If you don’t (yet) have a lot of writing credits, how do you sell your writer CV? Script Angel’s Jay Harley has the answers.

Your writing CV is like none other you’ve had before. It’s not about buzz-words like time management, team-player and self-motivated… although all of these are great writerly skills. Script Angel can help whip your writer CV into shape, but also give you a workout so you can tone up those credits and really flex those writerly achievements.

Writing CV - Script Angel - lauren-mancke-60627-unsplash

What’s in…

Prioritise your portfolio. Concentrate first on credits, those scripts that have been produced (in any format, stage, web, radio…) followed by less formal productions such as rehearsed readings and workshops. Emphasise prizes and awards, including runner up places (e.g. top 2% of BBC Writersroom or Nicholl Fellowship finalist). Being truthful, some awards are better recognised and more highly-prized. Be honest with yourself and rank your achievements, placing a high priority on those which are more impressive in the industry.

Next, take a look at those projects in development. Again, it’s a question of priority; from those that are ready to go (script plus bible), to those ideas which are, as yet, undeveloped (treatment or pitch doc).

If you have a number of scripts, emphasise those which have gained some traction, whether in competitions, labs or with producers/production companies. If you have work optioned or in development, be honest about it – but don’t build it up too high. And make sure you’re up-front about what’s there. Don’t say you have a script if the idea is little more than a scribble in a notebook, because dashing off a quick script when it’s asked for won’t make you look your best. Ideally you won’t list any ideas that are only this far along – better five full scripts than a dozen entries which are under-developed.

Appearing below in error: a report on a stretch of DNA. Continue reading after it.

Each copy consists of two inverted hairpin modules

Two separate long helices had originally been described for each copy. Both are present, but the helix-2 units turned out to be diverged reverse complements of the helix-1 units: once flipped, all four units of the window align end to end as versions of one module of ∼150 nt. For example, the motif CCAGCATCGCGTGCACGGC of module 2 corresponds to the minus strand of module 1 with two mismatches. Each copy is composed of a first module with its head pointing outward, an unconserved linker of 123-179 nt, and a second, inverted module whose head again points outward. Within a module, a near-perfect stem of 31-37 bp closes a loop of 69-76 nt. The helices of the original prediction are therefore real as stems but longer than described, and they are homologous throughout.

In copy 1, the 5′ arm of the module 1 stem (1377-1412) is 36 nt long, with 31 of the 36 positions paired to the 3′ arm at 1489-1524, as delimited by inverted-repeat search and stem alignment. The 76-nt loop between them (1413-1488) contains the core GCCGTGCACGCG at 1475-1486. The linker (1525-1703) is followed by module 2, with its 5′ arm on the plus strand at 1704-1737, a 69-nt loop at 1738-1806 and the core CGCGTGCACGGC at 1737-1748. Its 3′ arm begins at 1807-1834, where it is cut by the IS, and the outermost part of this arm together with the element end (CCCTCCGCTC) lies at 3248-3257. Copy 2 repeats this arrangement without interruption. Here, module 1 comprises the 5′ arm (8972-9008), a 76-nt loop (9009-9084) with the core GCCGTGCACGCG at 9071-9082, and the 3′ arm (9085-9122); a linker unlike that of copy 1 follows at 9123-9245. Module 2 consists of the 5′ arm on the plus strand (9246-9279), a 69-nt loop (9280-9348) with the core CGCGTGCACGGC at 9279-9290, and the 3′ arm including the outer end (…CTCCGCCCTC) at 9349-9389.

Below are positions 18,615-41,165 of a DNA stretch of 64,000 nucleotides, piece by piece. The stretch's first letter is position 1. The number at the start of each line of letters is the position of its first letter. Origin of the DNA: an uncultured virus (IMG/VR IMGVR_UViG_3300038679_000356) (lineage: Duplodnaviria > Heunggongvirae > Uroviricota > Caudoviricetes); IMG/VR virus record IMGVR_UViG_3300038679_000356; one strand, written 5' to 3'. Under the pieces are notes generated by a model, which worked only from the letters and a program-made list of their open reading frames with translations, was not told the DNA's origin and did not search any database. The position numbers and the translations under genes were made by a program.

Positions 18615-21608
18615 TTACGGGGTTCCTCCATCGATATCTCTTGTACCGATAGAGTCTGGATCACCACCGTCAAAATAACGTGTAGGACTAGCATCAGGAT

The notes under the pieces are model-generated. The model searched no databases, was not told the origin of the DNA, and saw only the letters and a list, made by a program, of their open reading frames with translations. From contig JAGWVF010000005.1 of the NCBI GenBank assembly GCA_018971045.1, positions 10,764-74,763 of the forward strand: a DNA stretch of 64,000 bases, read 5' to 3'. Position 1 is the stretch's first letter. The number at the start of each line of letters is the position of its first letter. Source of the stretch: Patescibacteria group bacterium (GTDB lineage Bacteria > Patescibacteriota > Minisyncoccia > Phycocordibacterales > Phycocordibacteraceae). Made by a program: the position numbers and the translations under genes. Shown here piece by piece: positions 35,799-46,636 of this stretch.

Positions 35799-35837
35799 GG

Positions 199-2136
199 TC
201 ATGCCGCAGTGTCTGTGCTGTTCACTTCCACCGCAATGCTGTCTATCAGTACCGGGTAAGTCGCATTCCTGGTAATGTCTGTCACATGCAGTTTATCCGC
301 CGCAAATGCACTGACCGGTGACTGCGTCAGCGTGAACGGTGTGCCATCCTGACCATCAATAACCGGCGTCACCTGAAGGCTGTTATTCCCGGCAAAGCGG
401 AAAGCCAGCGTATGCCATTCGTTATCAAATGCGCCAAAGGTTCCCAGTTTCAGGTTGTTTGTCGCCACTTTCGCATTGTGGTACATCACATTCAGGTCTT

The Workout: So, work up those ideas – can you get them to treatment stage so they’re ready to send out?

By the way, a writer CV with only five or six credits is much better than listing twenty scripts that you wrote before you got good, those that should remain in your vault. They did their job, in getting you to where you are as a writer, but volume of work won’t make you look better than a short, boutique list that fully represents you now.

Finally, think about relevant experience and how you can frame that. If you’ve ever written copy, social media, journalistic articles or any other kinds of writing, include a brief section about how that helped you. Highlight skills such as creativity, writing to deadlines, taking notes and only those areas that are specifically relevant to your writing career. For example, if you were a copywriter for a decade but only have a couple of scripts, don’t be tempted to pad out your CV with the less than relevant writing work – it might be ten years’ worth of writing, but on your CV it shouldn’t be more than a couple of lines.

What’s out…

What we don’t need to know is your day job, unless it’s super relevant, i.e. you’re already working as a writer, or perhaps a script editor/dramaturg. If so, this is a sub-section, after the writing section. There are many brilliant work opportunities and experiences that will come to bear on your work and you as a writer, but keep that information for the discovery process of getting to know your agent or producer.